by Janet L. Nelson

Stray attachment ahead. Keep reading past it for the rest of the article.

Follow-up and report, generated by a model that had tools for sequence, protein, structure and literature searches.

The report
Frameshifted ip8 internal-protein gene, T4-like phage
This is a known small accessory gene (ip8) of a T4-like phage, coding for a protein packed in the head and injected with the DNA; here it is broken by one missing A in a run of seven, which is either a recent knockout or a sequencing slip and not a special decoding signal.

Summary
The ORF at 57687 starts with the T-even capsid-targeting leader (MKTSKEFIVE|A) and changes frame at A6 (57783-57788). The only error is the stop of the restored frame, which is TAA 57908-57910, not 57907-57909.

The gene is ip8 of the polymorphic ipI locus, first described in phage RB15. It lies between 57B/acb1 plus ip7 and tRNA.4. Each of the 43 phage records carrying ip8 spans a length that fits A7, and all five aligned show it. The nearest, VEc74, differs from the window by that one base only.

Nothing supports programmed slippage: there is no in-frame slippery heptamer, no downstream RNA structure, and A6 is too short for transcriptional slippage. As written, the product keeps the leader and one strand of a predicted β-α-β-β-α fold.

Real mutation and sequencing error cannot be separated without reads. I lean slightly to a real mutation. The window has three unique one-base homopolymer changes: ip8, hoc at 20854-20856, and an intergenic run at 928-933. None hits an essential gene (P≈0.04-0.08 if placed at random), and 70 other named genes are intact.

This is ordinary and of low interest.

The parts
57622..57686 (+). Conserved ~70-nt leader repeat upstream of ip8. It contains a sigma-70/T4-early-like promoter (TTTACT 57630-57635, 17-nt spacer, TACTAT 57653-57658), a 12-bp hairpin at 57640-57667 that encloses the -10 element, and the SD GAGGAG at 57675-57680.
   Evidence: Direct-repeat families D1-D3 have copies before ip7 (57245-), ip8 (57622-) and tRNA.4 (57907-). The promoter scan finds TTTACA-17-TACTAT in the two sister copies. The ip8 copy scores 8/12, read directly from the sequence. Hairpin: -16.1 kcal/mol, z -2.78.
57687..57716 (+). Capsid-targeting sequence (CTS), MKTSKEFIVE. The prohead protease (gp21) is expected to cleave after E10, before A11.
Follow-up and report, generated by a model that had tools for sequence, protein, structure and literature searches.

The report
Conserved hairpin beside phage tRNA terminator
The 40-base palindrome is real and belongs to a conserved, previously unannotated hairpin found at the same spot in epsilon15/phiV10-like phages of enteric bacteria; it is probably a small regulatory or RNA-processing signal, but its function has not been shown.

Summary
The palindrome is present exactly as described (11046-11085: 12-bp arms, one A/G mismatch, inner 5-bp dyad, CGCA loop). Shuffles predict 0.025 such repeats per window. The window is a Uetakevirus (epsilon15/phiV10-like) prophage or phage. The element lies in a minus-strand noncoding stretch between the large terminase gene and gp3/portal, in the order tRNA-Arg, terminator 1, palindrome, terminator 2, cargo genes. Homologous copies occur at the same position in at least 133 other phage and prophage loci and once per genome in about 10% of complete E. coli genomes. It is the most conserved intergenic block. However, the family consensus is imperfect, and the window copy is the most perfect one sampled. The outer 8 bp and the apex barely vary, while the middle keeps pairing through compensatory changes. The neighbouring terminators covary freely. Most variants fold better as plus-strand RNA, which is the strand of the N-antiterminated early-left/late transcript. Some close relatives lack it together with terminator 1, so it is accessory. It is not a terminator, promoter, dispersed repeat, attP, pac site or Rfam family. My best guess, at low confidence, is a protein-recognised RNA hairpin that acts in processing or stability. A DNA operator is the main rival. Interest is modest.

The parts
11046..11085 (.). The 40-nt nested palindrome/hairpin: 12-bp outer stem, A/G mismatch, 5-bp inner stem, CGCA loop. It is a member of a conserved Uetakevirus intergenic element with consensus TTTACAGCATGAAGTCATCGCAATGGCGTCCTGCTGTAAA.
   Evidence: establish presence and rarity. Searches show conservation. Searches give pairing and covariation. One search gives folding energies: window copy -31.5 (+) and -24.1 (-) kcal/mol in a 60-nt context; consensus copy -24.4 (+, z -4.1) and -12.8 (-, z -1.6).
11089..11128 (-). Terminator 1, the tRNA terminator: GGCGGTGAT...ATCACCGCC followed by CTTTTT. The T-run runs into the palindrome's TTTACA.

A major theme in the present volume of articles by Janet Nelson is the usefulness of gender as a category of historical analysis. Some papers range more widely across early medieval time and geographical as well as social space, but most focus on the Carolingian period and on royalty and elites. The workings of dynastic political power are viewed in social as well as political context, and the author explores the realities of gendered power, which while constraining women, gave them distinctive possibilities for agency. These papers offer new perspectives on the Carolingian world in general and on Charlemagne's reign in particular.